I had a little bit of time yesterday, so I was able to bang out a story from the first of the Song Lyric Story suggestions. I could probably break this up into two parts, but I decided it would be better to make this into one long post rather than two short ones. The lyrics for this story come from the song L.A. Woman by The Doors and was suggested by Wakizashi33.
P.S. If there’s anyone from L.A. reading this, and you notice some inaccuracies in my descriptions of anything, please note that I’ve never been to L.A. and I’m just guessing. I looked up the name of a motel on Google and picked the first one I saw that was close to the airport and had the word “motel” in the name. Everything else I tried to keep as vague as possible to avoid any inaccuracies.
“Are you a lucky little lady in the city of light / Or just another lost angel, city of night. Motel money murder madness / Let’s change the mood from glad to sadness.”
She peeked out through the curtains to the parking lot below. The second story room she now occupied wasn’t what she wanted. She requested a room on the ground floor, but the desk clerk of the Patio Motel insisted that none of them were available. It was tempting to go to a different hotel for the night. Despite what she wanted, there was no such thing as a perfect place. She also didn’t want to go much further away from the airport than she already had. According to her internet search, it was a twenty minute car ride from the motel to LAX and she wasn’t willing to push it much more than that. So, the Patio Motel was where she stayed.
None of the cars in the lot were different than they were when she looked outside fifteen minutes ago. A bitter chuckle escaped her lips. Twelve hours ago, she thought she was the luckiest woman in all of Los Angeles. Now she was running for her life, hiding in a hotel until her flight left in the morning. The saddest part of it, in her mind at least, is that she didn’t even know who she was running from. She’d never seen either of the men before they started chasing her.
It all started that morning, on her way to work. On her way out the door, she grabbed her full trash bag to drop it into the can outside. When she opened the lid, she caught a bright red canvas bag sitting in the bottom before she put the trash on top of it. Setting the garbage down, she pulled the canvas bag out and inspected it. She’d never seen it before. It was in pretty good condition, so why had someone thrown it away? Why did they throw it away in her can? And why was it so heavy?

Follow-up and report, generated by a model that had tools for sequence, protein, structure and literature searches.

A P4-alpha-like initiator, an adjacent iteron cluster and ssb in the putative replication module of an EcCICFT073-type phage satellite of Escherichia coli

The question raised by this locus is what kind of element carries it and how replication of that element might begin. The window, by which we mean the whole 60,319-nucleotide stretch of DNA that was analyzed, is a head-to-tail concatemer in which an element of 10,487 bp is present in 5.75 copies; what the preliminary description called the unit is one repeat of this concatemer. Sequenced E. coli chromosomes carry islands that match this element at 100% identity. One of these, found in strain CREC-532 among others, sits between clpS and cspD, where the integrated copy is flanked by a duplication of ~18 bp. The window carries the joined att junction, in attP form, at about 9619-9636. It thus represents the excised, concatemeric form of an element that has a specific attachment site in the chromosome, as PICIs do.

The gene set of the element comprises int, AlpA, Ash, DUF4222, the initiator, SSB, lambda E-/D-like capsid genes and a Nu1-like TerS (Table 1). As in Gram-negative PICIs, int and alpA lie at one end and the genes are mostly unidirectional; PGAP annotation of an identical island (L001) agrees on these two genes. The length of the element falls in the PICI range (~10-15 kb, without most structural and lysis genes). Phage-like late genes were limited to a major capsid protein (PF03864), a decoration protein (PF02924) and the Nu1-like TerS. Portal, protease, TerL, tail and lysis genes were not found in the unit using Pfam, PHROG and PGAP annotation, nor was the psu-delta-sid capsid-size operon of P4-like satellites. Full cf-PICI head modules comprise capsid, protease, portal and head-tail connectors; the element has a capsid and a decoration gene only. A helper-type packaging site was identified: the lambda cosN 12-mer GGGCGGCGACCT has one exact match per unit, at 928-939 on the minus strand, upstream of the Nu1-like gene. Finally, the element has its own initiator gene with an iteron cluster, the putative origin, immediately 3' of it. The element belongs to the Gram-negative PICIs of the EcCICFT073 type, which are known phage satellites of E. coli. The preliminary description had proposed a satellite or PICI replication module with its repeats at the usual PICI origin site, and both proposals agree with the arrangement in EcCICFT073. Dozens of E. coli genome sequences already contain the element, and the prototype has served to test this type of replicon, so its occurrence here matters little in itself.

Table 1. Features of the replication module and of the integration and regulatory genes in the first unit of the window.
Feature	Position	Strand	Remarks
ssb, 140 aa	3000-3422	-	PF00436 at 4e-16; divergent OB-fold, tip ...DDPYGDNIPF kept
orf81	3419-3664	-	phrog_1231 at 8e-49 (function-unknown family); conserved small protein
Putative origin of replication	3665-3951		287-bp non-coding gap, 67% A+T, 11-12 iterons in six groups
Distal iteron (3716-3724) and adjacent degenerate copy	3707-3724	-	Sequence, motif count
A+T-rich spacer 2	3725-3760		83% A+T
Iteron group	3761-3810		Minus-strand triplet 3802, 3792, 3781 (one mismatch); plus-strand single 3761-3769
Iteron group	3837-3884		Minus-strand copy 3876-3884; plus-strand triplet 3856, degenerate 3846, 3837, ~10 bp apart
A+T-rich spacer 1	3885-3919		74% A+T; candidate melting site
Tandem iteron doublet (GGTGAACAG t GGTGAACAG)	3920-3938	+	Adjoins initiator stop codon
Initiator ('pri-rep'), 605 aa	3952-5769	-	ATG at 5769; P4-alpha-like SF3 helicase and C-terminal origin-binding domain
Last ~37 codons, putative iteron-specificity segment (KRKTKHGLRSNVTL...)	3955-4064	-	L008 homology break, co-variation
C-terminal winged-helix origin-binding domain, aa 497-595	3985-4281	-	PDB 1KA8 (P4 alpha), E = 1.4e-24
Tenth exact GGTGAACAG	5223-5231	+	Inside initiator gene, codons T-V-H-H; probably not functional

Even at their heaviest, none of her purses had ever weighed this much. She guessed that it had to weigh at least fifty pounds. When she opened it, she saw why. It was money. A lot of money. Nothing but stacks and stacks of hundred dollar bills. Easily a million dollars, she thought. Maybe even two million. It was hard for her to be sure. The only time she’d ever seen that much money all at once was in movies.
Her first thought was conflicted. Did she take the money for herself or should she call the police? Her head was screaming at her to do the latter. It told her that no good would come of this. That’s when her heart interjected, saying that a lot of good could come from it. With that much money, she could help her sister pay for her chemotherapy. She could finally afford to get her father into the assisted living facility that he needed to be in. Both of them were being crushed by their medical bills. This money would make it all go away.
They both lived in Atlanta, where her aunt was taking care of them. As soon as her heart won the argument, she took her phone out and booked a flight for the following morning. After that, she called her boss and told him that something had come up and she needed to go out of town for a few days. He threatened to fire her if she didn’t come in. She said she’d be back next week. When she hung up, she smiled. She’d never set foot in that place again. Even if he didn’t fire her, she wasn’t going back. That was fine with her. She hated that job anyway.
Once she was off the phone, she walked back inside and moved the money from the red bag to something a little less conspicuous. There was a plain black backpack in her closet from her school days. It was a tight fight, but she was able to get all the money into the bag. Well, all except for the handful of bills she pulled out to use that day. She had a long day of shopping planned. The backpack got tossed into the trunk of her car so it couldn’t be seen through the windows. She put the key in the ignition and turned it. The engine roared to life.